The above preview is unformatted text

This student written piece of work is one of many that can be found in our AS and A Level European Union section.

Found what you're looking for?

  • Start learning 29% faster today
  • 150,000+ documents available
  • Just £6.99 a month

Not the one? Search for your essay title...
  • Join over 1.2 million students every month
  • Accelerate your learning by 29%
  • Unlimited access from just £6.99 per month

See related essaysSee related essays

Related AS and A Level European Union essays

  1. A clear explanation of key underpinning economic theories relevant to the EU.

    as prayer times and religious meetings and rituals a company must consider these when launching products as it can offend some religions. Aesthetic consideration, this is regarded as things which are beautiful or of a good taste. This could include branding, visual appearance, colouring or shape a firm must consider

  2. What does citizenship mean in the European context?

    Thus, nationality constitutes the state (hence nation-state) which in turn constitutes its political boundary. The significance of the political boundary is not only to the older notion of political independence and territorial integrity, but also to the very democratic nature of the polity. A parliament is, on this view, an institution of democracy not only because it

  1. "Analyse and compare the gains predicted by economic theory from theremoval of (a) tariff ...

    in order to create an economy within which member countries can experience remarkable gains from trade as well as being able to compete with the likes of United States and countries such as Japan in Asia. The move to establish a Single European Market (SEM)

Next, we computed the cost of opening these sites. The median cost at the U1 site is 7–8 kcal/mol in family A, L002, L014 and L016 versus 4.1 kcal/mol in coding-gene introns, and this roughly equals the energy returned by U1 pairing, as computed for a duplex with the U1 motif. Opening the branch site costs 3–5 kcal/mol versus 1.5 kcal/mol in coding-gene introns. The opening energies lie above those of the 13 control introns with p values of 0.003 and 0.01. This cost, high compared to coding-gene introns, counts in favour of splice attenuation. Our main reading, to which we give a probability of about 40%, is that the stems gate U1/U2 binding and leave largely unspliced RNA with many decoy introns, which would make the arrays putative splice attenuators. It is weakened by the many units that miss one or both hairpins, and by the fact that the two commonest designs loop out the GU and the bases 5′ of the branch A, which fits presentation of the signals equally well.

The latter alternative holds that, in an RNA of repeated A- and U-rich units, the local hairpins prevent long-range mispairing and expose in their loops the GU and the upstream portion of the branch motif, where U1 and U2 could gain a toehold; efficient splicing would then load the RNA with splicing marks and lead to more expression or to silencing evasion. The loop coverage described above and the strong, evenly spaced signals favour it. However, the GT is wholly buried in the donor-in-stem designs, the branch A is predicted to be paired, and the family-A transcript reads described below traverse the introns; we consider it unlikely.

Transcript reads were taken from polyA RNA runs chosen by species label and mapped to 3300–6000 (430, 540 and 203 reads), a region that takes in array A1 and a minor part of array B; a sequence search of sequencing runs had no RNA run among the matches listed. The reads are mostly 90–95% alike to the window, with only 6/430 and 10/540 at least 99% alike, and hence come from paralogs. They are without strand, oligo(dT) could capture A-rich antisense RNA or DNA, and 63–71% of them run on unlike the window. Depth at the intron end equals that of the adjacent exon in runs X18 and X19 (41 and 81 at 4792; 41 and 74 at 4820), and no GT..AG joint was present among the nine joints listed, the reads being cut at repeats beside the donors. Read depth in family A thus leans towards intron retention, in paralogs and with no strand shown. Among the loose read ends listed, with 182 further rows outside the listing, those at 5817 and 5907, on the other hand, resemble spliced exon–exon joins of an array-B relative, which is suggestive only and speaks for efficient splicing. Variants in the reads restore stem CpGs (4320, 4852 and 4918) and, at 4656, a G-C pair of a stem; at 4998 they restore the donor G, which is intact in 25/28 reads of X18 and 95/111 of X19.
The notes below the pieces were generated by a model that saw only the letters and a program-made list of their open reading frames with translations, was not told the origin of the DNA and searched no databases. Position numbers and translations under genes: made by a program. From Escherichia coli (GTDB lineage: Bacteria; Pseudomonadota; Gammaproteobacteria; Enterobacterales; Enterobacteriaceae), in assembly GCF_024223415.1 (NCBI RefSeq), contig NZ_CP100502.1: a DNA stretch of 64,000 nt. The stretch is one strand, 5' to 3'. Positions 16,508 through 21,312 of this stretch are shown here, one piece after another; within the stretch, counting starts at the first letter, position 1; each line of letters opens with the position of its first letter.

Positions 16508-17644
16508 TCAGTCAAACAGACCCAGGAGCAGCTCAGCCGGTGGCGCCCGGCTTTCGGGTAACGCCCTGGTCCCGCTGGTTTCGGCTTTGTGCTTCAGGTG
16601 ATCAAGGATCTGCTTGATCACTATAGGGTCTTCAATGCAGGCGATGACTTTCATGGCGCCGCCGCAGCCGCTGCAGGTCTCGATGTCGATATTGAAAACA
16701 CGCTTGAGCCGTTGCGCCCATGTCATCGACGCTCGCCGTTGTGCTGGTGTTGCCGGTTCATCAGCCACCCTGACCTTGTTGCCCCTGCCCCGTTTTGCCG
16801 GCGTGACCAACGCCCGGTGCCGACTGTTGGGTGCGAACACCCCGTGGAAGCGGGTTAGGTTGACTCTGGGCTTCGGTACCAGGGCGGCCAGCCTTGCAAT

2. Road freight transport - Paying its way?

    Congestion costs arise due to the fact that additional vehicles reduce the speed of the other vehicles and hence increase their journey time. This is a cost to the logistics industry, indeed, research undertaken by the Freight Transport Association shows that congestion creates serious problems with planning and scheduling freight

  1. Cyprus a new member of the European Union, a discussion of the advantages and ...

    Five days later Turkey using the coup as a reason, invaded Cyprus, with a pretext of restoring the constitutional order. ("About Cyprus", 2001) The results of the Turkish invasion are: * 37% of the island is under Turkish military occupation.

  2. Can the euro challenge the dollar as the world's international currency?

    Population: with 300 million inhabitants the eurozone is larger than the United States. Economy: Together the EMU countries boast a gross domestic product (GDP) of more than $6, 490 bn, a bit smaller than the US GDP of $7,610bn. Exports: In international trading the euro zone comes out on top,

  1. Should Britain join the Euro? A report into the pro's and cons.

    > 1975- In the British House of Commons, 369 members voted in favour of the United Kingdom staying in the Community with 170 voting against it. > 1999- The Euro came into circulation in 1999 when eleven member countries began to put it into practice.

  2. European Single Currency.

    * The Library * Economics Books * TV * The News * Encyclopaedias The exact sources I used will be in my bibliography. Hypothesis I think that the UK will be affected by the Euro enormously as more and more of UK business takes place between the EU and less and less between the rest of the world.

  • Over 160,000 pieces
    of student written work
  • Annotated by
    experienced teachers
  • Ideas and feedback to
    improve your own work